Post-referendum we have witnessed increased levels of physical and verbal violence as well as acts of vandalism towards EU nationals and other minorities living in the UK. Disturbing as these events are it is important to note that the Polish community also received great support and many acts of kindness from the British community. Politicians, community leaders and ordinary citizens voiced their shock and horror as well as assured us that it Britain is open to all.
Many Americans were hoping for a positive election result to improve race and community relations. With Trump elected the future seems uncertain but will the result have any effect on how we deal with community relations across Britain? The new era of right wing politics has not just taken effect across America but it has led to a far right uprising across Europe.
Art is non-discriminatory, and so anyone can voice their opinion. We might feel at ease Tweeting our feelings but we want to know that our voice has made an impression beyond a retweet. The Listening Project and Three Months On are paving the way for new platforms for social and political conversations -that we can all be a part of.
The historical record shows us that when faced with European economic and political exclusion Britons have tried to achieve their political and economic security through overseas, primarily, transatlantic connections. When we consider recent events in Europe and Europe's near abroad, it is again to those connections that Britain is likely to turn for peace and prosperity.
If the UK is to prosper outside of the EU, opening itself to worldwide markets will mean that British farmers must be able to compete in order to maximise profits. Theresa May's government should pursue free trade where cooperation with the EU is also important, and a trade agreement must be agreed with the EU, the UK's largest trading partner.
Maybe it slipped the Chancellor's mind. He must have a lot to think about right about now. The long-term downward trend predictions for the British economy; the volatile dip in jobs and investment seen in July; the seven week low in the value of sterling today. Not an easy in-tray. But, in case he has forgotten, a few months ago some bold spending promises were made.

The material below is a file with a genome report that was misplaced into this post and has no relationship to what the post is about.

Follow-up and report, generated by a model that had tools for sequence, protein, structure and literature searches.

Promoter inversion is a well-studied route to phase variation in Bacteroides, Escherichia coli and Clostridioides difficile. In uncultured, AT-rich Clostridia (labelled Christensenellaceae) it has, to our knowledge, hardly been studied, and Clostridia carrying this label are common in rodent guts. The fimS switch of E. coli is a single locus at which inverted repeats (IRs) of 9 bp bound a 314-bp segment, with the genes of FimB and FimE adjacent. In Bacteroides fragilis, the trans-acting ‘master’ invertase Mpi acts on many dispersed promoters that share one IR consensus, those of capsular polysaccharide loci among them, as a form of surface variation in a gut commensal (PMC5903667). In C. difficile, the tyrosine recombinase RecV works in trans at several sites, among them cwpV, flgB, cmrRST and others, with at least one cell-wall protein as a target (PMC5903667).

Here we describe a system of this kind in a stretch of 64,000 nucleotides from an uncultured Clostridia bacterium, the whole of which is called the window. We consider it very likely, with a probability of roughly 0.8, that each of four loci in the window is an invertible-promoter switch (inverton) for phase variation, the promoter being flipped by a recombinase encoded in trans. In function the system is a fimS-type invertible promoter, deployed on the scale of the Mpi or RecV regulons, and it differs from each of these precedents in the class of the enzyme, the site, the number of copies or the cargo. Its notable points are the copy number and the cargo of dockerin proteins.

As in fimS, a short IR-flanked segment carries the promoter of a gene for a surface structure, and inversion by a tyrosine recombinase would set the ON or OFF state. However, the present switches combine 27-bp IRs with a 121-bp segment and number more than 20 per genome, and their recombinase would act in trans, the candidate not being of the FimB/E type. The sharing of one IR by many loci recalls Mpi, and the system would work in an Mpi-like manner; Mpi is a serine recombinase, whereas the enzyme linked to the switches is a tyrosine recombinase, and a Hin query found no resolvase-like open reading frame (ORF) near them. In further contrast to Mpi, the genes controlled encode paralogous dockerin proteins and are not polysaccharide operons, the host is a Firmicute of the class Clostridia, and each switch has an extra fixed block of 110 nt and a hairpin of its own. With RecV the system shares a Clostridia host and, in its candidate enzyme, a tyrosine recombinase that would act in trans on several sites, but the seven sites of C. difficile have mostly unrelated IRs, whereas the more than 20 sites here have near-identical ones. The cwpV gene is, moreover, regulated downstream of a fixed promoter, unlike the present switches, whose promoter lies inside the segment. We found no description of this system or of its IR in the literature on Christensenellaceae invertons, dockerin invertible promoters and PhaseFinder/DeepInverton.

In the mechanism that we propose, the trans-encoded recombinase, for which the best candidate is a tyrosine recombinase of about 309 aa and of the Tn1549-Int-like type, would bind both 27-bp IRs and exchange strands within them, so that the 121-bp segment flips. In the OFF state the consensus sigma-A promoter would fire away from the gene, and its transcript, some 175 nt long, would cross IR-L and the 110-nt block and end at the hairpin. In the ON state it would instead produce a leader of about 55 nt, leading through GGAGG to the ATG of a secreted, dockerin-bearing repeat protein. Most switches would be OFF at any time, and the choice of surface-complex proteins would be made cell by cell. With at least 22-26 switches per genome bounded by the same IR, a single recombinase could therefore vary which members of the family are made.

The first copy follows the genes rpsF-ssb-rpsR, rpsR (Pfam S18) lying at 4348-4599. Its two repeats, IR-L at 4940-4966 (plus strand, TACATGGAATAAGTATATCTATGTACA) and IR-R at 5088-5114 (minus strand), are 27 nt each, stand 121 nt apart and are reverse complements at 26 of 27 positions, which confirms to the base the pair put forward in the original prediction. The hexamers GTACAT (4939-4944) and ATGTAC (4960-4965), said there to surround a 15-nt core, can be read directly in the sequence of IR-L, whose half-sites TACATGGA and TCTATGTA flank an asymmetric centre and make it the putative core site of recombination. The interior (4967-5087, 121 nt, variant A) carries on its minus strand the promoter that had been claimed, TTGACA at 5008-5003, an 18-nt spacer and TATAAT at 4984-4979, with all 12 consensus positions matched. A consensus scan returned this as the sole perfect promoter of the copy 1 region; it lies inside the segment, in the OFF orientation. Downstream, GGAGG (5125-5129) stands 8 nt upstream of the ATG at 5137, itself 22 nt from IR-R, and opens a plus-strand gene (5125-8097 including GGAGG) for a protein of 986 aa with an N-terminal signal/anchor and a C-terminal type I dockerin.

Nicolas Sarkozy's announcement on Wednesday that, if elected president of France in May 2017, he would give Britain a chance to reverse the Brexit vote, has raised eyebrows across the European Union. Can such a decision, democratically taken by the people of a sovereign member state of the EU, be overlooked? What's in it for Sarkozy?
Although I have to say, after having lived in Berlin for eight months, this isn't something that I have personally noticed. I have met a lot of lovely Berliners and of course some not-so-lovely ones. So just putting it out there, Berliners are no more or less rude than Londoners, I would know, being the overly sensitive soul that I am.
If policymakers are serious about resolving the crisis in Calais, they need to take immediate steps to fix this broken system. It has become clear that no progress will be made until funds are invested in educating and empowering the camp's residents, rather than continuing to segregate and dehumanise them.
The history of nepotism probably began fifteen seconds after the first man gained a position of power. It's a deeply uncomfortable word, personifying both the best and worst of humanity. It captures a deep seated desire to improve the lot of those we hold dearest, which manifests itself in taking advantage of position, power and privilege.